The cafe is very small (think of it as a cozy living room), and with 12 or so guests, plus 2-3 staff people, plus like 20 owls, it feels a bit cozy, but not crowded.

You have ample room to move around with the owls, take photos, and see the other owls. You just don’t have room to run around in circles with the owl flapping its wings.


I know very little about the temperament and intelligence of owls, but they all seemed pretty interested in the human interactions, and there were a few that were constantly looking at me. I locked eyes with a couple of them, and I swear it felt like they were staring into my soul. Or something like that.


Over the course of the hour, you get about 45 minutes of one-on-one time with an owl, or variety of owls, which I think is pretty good. I handled 4-5 hours in that time, while my wife found one owl that I think she fell in love with, and gave it her undivided attention because she thought that owl was feeling lonely.

I think this type of thing is fairly common, as there was what I assumed was a regular in there while we were (he was there for at least 2 hours), and he spent the entire time sitting in one spot caressing a single owl. It was…uh…interesting.


At the end of the hour, everyone in the group is given a gift; these are little trinkets that are also sold in the owl cafe, and range from owl towels to owl toys to a Japanese book about owls. This is a nice gesture, but the items themselves are pretty minor. Following that, they show you the door and bring in the next group.


One thing that needs to be discussed is how humane the owl cafe is. Unfortunately, I cannot completely answer that, but I can supply some information along with my general “feeling” about the restaurant so you can make an informed decision.

Before our visit, I didn’t really consider the question of whether the restaurant is inhumane to owls. However, as soon as I got there and saw the owls, I couldn’t shake the question from my mind.


I began wondering whether the owls were bred for/by the cafe, if they were captured in the wild, if they were being rehabilitated, how they were treated, and a whole host of other things regarding their well-being. The owl cafe is rather small, and has a lot of owls, all on cords attached to perches.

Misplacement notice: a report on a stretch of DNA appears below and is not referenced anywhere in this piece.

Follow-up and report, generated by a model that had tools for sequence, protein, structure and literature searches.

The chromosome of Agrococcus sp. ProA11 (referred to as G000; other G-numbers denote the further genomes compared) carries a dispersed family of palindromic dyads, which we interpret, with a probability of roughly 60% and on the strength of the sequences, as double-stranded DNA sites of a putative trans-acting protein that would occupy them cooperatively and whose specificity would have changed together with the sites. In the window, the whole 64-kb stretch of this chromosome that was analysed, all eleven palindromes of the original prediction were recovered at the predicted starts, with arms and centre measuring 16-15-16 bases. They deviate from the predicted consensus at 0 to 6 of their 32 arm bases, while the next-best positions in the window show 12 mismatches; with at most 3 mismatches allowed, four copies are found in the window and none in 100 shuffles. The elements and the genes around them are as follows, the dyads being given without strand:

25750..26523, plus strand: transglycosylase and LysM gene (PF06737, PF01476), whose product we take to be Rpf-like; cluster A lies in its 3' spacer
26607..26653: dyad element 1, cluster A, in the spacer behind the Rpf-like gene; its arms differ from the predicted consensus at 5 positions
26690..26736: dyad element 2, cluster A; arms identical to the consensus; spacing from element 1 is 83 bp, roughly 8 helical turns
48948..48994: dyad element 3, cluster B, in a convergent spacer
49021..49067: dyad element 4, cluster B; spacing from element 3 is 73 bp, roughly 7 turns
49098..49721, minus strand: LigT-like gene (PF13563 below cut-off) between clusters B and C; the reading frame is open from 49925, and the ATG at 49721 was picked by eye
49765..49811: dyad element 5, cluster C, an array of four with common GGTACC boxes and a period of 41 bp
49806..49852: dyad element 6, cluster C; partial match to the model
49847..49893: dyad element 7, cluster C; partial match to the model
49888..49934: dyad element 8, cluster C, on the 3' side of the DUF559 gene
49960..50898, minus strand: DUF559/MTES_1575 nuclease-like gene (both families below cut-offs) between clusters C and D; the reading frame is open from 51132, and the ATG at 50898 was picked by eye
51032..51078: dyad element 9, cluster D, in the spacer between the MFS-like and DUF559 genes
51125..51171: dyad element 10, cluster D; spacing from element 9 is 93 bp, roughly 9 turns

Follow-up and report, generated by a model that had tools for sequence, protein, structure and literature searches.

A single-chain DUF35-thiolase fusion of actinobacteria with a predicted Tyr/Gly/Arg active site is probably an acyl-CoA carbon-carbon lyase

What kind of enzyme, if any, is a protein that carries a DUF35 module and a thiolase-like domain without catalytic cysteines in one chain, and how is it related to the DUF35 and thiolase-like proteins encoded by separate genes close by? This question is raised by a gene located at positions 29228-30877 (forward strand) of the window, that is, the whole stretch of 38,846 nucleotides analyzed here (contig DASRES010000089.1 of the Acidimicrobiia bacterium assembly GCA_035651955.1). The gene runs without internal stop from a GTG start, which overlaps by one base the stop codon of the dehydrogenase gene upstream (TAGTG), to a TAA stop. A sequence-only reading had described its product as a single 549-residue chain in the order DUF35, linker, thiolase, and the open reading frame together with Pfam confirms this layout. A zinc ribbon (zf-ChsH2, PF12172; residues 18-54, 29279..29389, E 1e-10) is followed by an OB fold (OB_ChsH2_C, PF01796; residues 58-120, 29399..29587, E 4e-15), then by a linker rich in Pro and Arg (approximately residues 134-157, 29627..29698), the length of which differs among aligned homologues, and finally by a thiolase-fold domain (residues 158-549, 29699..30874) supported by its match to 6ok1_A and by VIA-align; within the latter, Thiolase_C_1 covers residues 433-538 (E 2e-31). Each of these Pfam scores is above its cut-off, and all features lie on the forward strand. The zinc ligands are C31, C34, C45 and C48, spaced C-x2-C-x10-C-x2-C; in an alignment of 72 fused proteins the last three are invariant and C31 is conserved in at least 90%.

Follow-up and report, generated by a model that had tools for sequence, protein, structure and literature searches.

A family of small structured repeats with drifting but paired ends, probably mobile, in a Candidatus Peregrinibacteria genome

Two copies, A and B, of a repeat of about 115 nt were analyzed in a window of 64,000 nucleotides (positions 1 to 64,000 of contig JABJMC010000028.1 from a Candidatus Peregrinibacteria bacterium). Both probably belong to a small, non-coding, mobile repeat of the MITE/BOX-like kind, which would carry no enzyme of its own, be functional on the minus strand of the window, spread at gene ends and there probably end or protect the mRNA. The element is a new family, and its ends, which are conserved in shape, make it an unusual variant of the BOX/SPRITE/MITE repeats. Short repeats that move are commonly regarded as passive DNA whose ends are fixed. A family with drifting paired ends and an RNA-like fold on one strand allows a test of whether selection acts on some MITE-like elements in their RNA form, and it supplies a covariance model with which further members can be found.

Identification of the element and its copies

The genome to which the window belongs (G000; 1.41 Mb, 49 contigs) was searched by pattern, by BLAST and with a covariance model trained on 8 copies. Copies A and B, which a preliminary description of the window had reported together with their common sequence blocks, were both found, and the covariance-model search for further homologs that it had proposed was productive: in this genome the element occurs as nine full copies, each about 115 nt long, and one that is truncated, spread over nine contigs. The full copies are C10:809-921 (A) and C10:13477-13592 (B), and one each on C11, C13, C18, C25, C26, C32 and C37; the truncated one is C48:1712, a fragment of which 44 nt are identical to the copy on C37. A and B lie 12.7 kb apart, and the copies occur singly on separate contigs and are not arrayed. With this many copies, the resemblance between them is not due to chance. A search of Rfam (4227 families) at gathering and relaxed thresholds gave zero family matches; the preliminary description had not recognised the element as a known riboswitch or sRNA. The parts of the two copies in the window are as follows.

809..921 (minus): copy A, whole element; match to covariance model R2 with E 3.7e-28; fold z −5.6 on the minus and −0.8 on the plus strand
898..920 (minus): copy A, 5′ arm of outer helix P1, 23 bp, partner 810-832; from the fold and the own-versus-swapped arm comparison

While not inherently inhumane, this is what raised the aforementioned questions. On the plus side, some of the owls were not allowed to interact with visitors, they all looked very healthy, all had specific diets, and I was told that they each have rest periods. All of this suggests that at least some concern is given to their well-being.


As these concerns were on the front of my mind, I began researching all of this right after we left the cafe, and I found one post from an expat living in Tokyo indicating that these are rescue owls that are well cared-for by the owners.

This was a naked assertion and I don’t have the means of confirming or refuting its veracity (and now I can’t even find the article), so take that info with a grain of salt. It seems like one of those things that might just have been written to reassure those who have a bit of discomfort about their decision to visit the owl cafe.


After being in the restaurant, I’m reasonably satisfied that–regardless of their origins–the animals at this particular owl cafe were being treated humanely, but I’m not confident that the concept of having owls in a cafe, in the first place, is right.

Owls seem unlike cats, rabbits, goats, and other Japanese “animal” cafe creatures in their wild-ness. It was a fun experience, but it left me feeling a little guilty once I actually gave it thought.


As a result, I don’t think I’d visit another owl cafe, but your mileage may vary depending upon how you feel (or what you know) about the nature of owls.

I’m certainly not writing this to claim some moral superiority over those who choose to visit an owl cafe (after all, I did visit one), as I truly don’t know how humane these types of cafes are, and what the true disposition of owls is. I’m just putting this all out there as food for thought in case you’re considering a visit to an owl cafe.

Overall, if it’s something that interests you and you don’t have moral qualms with the concept, the owl cafe is a lot of fun. Interacting with owls is a pretty incredible experience, and it’s sort of surreal to have a live owl perched on your arm or head. You will have the opportunity to have significant interactions with a variety of owls, and the amount of time spent with the owls seemed just about right. The experience basically cut right to the chase, and you have plenty of time with the owls. Fukuro No Mise has an intimate, home-grown charm that makes it feel like an authentically “Japanese” experience, which is a definite plus. Word has definitely gotten out about this owl cafe and its popularity has exploded (and prices skyrocketed), but it still manages to feel like a unique and ‘local’ experience. So long as you are okay with the concept and don’t go in hungry, you will definitely have a good time at the Fukuro No Mise owl cafe.

If you’re planning a visit to Tokyo, Japan, please check out my other posts about Tokyo for ideas of things to do (or not do) while there. Tokyo has a lot of things to see and do, so I also highly recommend the Lonely Planet Japan Guide to help better develop an efficient plan while there.